Although Mitch had promised at graduation to keep in touch with Morrie, he has not. Over the years, he had lost touch with most of his college friends, as well as the man he had been in college, and the values he had upheld. He had abandoned his long-time dream of becoming a famous pianist after several years of failed attempts, and after the death of his favorite uncle who had taught him music, among many other life lessons. Mitch had admired his uncle very much, and had modeled himself after him. He had died a slow, painful death from pancreatic cancer, and watching him die had made Mitch feel helpless.
When his uncle asks Mitch if he will watch over his children after he has died, Mitch tells him not to talk of such things. Only a few weeks later, his uncle dies, and Mitch's outlook on life is forever changed. He now feels that the time is precious, and must be used to its fullest potential, which, at the time, he believes to be financial success. He earns a master's degree in journalism and takes the first job offered to him. Determined not to live the boring corporate life his uncle had led, Mitch avoids such repetition by taking various freelancing positions, and is constantly moving from city to city. When he is given a column by the Detroit Free Press, Mitch is swamped with money and success, but feels unfulfilled. He spends all of his time working, and never takes a moment to enjoy himself.
It is during this time that Mitch meets Janine, his future wife whom he marries after a seven-year courtship. He promises her that they will someday have a family, though he dedicates all of his time to his work and none to Janine or the family they had hoped to have. Mitch throws away the mail he receives from his alma matter, Brandeis University, and does not know about Morrie's illness until one night as he is flipping the channels on his television.
In March of 1995, Morrie is interviewed by Ted Koppel, the host of ABC-TV's news program, "Nightline." Koppel arrives at Morrie's house in West Newton, Massachusetts in a limousine, with his television crew behind him. Morrie is now confined to a wheelchair, as he cannot walk. Despite the progression of his illness, Morrie refuses to get depressed and writes small philosophies about accepting one's own death. Maurie Stein, a friend of his, sends some of these aphorisms to a Boston Globe reporter who publishes a feature story on Morrie. The article had prompted Koppel's visit.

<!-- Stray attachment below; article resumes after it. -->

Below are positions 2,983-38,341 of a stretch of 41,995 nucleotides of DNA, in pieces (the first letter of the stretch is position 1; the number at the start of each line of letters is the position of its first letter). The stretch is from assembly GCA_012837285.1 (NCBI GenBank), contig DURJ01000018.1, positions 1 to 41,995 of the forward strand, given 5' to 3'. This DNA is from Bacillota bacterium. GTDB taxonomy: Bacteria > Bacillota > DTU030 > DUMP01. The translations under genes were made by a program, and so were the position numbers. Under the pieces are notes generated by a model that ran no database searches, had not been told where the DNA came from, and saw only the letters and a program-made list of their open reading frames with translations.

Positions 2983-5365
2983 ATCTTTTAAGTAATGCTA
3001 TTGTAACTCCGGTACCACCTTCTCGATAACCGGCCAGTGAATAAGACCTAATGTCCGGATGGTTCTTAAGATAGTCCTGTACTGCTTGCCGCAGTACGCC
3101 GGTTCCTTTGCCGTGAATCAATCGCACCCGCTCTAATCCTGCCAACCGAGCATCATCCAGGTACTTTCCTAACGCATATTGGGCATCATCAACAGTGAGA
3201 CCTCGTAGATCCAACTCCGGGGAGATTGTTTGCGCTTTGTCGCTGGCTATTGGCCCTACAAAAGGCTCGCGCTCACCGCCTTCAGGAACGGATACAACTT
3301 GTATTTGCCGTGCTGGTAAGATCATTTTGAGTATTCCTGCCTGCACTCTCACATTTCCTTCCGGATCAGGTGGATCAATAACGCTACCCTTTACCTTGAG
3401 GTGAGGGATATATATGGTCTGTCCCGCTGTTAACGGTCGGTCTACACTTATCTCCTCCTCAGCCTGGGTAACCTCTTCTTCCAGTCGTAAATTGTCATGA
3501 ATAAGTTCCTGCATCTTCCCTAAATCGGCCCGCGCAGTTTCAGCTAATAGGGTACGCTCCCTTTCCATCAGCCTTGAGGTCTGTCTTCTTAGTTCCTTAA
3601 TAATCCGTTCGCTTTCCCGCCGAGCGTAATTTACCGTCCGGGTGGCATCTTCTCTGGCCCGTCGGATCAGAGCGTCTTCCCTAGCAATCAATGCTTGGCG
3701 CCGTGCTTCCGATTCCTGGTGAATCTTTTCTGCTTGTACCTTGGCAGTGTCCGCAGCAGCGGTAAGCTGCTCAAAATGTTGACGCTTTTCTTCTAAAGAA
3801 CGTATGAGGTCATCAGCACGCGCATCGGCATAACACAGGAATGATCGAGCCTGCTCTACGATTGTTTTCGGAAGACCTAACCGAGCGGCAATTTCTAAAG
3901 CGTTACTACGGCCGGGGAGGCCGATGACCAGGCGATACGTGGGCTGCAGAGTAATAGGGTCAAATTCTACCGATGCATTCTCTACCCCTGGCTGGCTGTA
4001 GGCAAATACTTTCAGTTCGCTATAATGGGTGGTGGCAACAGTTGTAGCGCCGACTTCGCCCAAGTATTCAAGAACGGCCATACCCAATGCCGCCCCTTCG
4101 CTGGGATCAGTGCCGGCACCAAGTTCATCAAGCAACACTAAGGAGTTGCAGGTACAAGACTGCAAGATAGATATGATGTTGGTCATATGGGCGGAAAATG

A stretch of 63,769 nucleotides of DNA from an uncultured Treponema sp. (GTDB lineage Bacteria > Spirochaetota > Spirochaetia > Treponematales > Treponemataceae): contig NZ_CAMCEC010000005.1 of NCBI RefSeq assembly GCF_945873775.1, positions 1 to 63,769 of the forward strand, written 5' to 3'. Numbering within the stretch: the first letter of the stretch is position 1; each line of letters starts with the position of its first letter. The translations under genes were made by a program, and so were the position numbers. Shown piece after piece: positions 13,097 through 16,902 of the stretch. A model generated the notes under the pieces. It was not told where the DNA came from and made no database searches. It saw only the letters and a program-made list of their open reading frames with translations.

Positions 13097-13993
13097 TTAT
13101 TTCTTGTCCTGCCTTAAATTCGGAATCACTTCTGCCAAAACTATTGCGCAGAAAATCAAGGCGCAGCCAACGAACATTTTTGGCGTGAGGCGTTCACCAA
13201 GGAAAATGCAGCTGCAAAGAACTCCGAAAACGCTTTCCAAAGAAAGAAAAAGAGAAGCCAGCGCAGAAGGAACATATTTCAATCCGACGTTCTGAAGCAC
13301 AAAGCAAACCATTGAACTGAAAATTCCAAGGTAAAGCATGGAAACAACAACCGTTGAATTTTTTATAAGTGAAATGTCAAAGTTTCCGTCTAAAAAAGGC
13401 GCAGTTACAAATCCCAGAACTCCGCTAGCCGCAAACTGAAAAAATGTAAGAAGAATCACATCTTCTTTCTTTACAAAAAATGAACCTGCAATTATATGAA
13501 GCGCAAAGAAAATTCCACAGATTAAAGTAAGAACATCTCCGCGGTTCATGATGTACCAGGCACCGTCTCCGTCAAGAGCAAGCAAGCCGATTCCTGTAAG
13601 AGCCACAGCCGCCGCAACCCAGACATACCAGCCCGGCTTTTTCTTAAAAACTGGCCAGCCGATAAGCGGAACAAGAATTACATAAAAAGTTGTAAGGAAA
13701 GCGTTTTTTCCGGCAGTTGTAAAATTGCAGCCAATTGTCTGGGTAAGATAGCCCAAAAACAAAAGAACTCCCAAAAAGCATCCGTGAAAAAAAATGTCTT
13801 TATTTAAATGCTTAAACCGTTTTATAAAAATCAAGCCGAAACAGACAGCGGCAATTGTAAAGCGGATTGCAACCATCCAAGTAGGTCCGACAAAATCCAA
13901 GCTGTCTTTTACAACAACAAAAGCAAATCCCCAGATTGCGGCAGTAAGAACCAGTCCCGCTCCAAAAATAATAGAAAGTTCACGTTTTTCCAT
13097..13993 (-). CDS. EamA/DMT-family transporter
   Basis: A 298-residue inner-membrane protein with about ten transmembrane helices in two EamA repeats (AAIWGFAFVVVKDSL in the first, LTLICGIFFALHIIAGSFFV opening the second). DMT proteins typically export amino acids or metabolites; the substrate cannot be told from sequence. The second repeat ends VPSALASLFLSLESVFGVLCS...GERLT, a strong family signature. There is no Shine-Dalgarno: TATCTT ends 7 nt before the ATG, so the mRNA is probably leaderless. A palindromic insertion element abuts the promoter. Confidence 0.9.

Everyone is excited by Koppel's presence, though Morrie remains calm. He tells Koppel that he needs to ask a few personal, introductory questions before he will agree to do the interview. When Koppel concedes, Morrie asks him to mention something that is "close to his heart." Koppel mentions his children, and quotes Marcus Aurelius. He then asks Morrie about his show, which Morrie has seen only twice. When Koppel asks him what he had thought about it, Morrie tells him he had seemed like a narcissist. Koppel jokingly replies that he is too ugly to be a narcissist, and the men laugh.
During the interview, Morrie does not wear makeup or fancy clothes, as he does not want to convey the message that he is embarrassed by death and aging. He tells Koppel he wants to die with dignity, and live the rest of his life the way he wants to. Some mornings, Morrie says he cries out of anger and bitterness, but is renewed by his ambition to live. He accidentally calls Koppel "Fred" instead of "Ted," but quickly corrects himself. Morrie tells of his growing dependency on others, and admits that his worst fear is that someday, he will not be able to wipe himself after he has gone to the bathroom. By chance, Mitch sees this television program as he is flipping channels one night, a chance that serves as the catalyst for the reunion between him and his old professor.